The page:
Cheap Alternative GL Trunk Relocator.

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Cheap Alternative GL Trunk Relocator.

Postby Blindstitch2002 » Sat Jun 12, 2010 2:47 am

Here are the photos of a different trunk extender, courtesy of Joe Farwell. There is no welding
needed to make this setup. Just note, that the extender came with a bike Joe recently purchased, it
is not something he put together.
Joe also says, “I too would have thought that switching the down-support "U" to the rearward location
would be better for support, but where it is works really well. This thing doesn't wiggle or move at all,
even with 50+ lbs of pressure on it. You could seriously over-load the trunk and then ride the pot-holes of
the Alaskan hi-way and never have an issue. Having the supports more towards the front also looks a
little cleaner as it tucks them up by the tail light, and since they have been painted to match the bike you
almost don't notice them at all.
I have seen better and I have seen worse extenders, but because this one is easy to fabricate and
doesn't require welding it has some merit.”
But … There are severalof things that I would change. I would hook this up to the top bolt and
not the lower one. That would accomplish a couple of things. First, it would put the backrest pad
up higher and give better support. Secondly, it would help to eliminate the scratches on the trunk,
when you release the handles.
Also, you could make a plate that would raise the trunk even higher, bolt to both seat bolts and
could also be bolted to the “U” bar … again no welding needed and you wouldn’t have to
eliminate the painted seat tail piece.
Personally, I would have the down brace down from the rear of the “U” for less unsupported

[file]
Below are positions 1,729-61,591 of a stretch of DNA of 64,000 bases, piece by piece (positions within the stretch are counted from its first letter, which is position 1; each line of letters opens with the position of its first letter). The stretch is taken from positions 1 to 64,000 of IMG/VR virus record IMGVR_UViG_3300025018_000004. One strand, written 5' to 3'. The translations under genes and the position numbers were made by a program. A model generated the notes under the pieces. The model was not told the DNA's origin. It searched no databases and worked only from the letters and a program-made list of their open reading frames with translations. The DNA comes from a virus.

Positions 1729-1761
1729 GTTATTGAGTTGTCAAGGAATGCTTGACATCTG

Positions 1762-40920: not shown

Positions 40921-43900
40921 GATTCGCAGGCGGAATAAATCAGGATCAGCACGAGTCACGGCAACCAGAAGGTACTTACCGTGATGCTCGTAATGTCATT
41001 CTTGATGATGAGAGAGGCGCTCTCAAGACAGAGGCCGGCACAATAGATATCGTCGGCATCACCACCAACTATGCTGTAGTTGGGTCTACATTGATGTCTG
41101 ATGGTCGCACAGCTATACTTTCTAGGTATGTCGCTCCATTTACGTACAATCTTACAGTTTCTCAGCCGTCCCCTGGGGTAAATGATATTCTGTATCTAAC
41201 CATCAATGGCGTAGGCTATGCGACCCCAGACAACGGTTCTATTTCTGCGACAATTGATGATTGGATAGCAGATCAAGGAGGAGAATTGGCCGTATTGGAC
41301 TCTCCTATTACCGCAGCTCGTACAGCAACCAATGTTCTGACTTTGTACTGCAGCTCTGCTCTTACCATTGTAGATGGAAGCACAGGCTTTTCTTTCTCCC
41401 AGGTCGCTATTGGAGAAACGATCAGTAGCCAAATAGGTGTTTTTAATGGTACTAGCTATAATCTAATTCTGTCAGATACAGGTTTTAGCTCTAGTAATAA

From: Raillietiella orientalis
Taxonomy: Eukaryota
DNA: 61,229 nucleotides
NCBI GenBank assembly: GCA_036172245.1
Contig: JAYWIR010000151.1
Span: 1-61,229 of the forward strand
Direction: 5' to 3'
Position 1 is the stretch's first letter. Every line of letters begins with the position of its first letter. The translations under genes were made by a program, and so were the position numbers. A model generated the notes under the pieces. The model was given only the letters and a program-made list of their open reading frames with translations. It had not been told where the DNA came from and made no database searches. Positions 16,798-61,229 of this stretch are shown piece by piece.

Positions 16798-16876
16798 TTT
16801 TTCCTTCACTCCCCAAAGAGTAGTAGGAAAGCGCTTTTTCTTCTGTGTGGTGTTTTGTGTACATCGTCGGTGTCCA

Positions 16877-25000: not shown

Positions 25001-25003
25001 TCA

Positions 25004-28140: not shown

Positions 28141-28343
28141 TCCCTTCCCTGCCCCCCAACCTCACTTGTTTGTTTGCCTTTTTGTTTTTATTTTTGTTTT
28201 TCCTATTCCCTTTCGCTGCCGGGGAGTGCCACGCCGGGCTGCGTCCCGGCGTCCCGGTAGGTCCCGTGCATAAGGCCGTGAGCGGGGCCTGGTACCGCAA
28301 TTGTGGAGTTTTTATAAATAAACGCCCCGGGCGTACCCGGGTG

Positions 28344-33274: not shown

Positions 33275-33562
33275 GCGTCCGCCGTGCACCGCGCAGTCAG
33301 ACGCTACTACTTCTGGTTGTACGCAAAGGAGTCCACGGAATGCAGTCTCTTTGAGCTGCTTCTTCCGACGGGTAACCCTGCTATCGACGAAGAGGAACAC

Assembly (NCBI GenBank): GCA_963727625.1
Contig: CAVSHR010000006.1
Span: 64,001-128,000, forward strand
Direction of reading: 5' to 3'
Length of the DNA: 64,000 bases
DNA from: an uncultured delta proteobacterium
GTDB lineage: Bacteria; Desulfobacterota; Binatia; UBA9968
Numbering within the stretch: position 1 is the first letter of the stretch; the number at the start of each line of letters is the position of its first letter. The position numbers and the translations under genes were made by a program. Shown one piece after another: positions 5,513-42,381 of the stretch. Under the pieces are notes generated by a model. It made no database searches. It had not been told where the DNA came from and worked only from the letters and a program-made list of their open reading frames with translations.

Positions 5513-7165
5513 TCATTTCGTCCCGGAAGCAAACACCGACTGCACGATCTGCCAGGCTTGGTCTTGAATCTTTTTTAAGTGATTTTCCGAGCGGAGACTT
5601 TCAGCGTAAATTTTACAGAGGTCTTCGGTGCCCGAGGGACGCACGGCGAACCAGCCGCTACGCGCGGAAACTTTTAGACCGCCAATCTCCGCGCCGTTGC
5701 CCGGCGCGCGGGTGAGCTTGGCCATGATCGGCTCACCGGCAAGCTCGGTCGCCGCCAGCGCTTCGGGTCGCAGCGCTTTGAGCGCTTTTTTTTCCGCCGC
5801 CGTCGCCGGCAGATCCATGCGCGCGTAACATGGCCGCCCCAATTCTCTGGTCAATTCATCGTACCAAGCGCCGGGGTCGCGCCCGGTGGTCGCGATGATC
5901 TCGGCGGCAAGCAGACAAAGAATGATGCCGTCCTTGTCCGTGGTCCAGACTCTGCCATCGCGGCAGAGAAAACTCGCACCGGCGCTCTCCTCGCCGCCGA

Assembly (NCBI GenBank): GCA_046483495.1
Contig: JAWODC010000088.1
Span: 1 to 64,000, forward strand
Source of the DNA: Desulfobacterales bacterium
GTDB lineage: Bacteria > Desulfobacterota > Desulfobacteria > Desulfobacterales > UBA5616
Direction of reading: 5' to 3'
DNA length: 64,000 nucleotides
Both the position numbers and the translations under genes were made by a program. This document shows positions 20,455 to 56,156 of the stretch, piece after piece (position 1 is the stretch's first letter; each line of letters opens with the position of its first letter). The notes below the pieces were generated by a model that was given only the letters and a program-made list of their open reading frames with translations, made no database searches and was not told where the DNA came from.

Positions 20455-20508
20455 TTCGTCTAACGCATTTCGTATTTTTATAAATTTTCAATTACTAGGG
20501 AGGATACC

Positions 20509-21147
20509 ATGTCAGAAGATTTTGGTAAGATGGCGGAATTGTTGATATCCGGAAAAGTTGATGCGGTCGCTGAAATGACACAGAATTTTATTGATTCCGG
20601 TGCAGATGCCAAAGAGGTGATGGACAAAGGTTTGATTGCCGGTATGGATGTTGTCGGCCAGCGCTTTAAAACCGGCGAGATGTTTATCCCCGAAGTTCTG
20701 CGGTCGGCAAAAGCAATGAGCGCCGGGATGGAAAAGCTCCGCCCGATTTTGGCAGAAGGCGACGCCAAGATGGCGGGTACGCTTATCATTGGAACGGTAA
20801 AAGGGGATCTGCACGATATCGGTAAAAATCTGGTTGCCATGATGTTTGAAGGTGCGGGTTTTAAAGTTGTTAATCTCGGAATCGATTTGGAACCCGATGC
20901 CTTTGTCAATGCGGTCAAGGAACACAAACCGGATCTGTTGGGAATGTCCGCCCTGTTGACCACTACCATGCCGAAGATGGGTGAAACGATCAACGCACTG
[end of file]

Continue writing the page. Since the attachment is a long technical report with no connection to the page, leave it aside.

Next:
hanging weight.
Finally, as you scroll down you will see that the design had a problem that could easily overcome
with the use of spacers of some time.
Joe, thank you for the photos.
Joe has given me more information that really makes sense. Here it is below.
As you can see there are 3 basic parts:
 A large "U", that I will call part "A", that extends from the grab bar bolt hole to the rear of the
 A second large "U", that I will call part "B". This part is the main support, and goes from the front
mount of the trunk downwards to the signal/bag brackets.
 And part "C", a small "U" that provides support for the rear mount area of the trunk.
A - From it's bolt holes at the grab bar back to the rearmost edge, this U shaped part is 19" long. It is 9-
1/2" wide.
B - This large U has a slight "hip" shape to it, so it fits under the trunk better. From it's bolt holes that
secure it to the signal/bag bracket, to its top-most surface, it is 12-5/8" long. At it's top-most surface,
where it nests against the trunk, it is 7-1/2" wide. At the point where it bolts to part A, it is 9-1/2" wide. It
is bolted to part A so that it extends 3-1/4" above the bolt hole in part A.
 The bottom 5" of each leg of part B is twisted 90 degrees, so it can be mounted with the bolts that
secure the cross bar to the signal/bag brackets.
C - This small U is 2-1/4" high from its bolt holes that secure it to part A to its top-most surface that bolts
up against the trunk. It's top-most surface is 8-3/4" wide. It is 9-1/2" wide at the point where it bolts to
part A.
Part B bolts to part A at points that are 6-5/8" rearward from the grab bar bolt holes in part A.
Part C bolts to part A at points that are 13-5/8" rearward from the grab bar bolt holes in part A.
The steel used throughout is 1/8"x1", standard hardware store steel stock. None of the hardware used to
bolt B to A and C to A appears to be larger than 3/8". When I go to put this back on my project all
bolts will be upgraded to at least grade 5.


1979 Honda Cx500 Custom Supertanker
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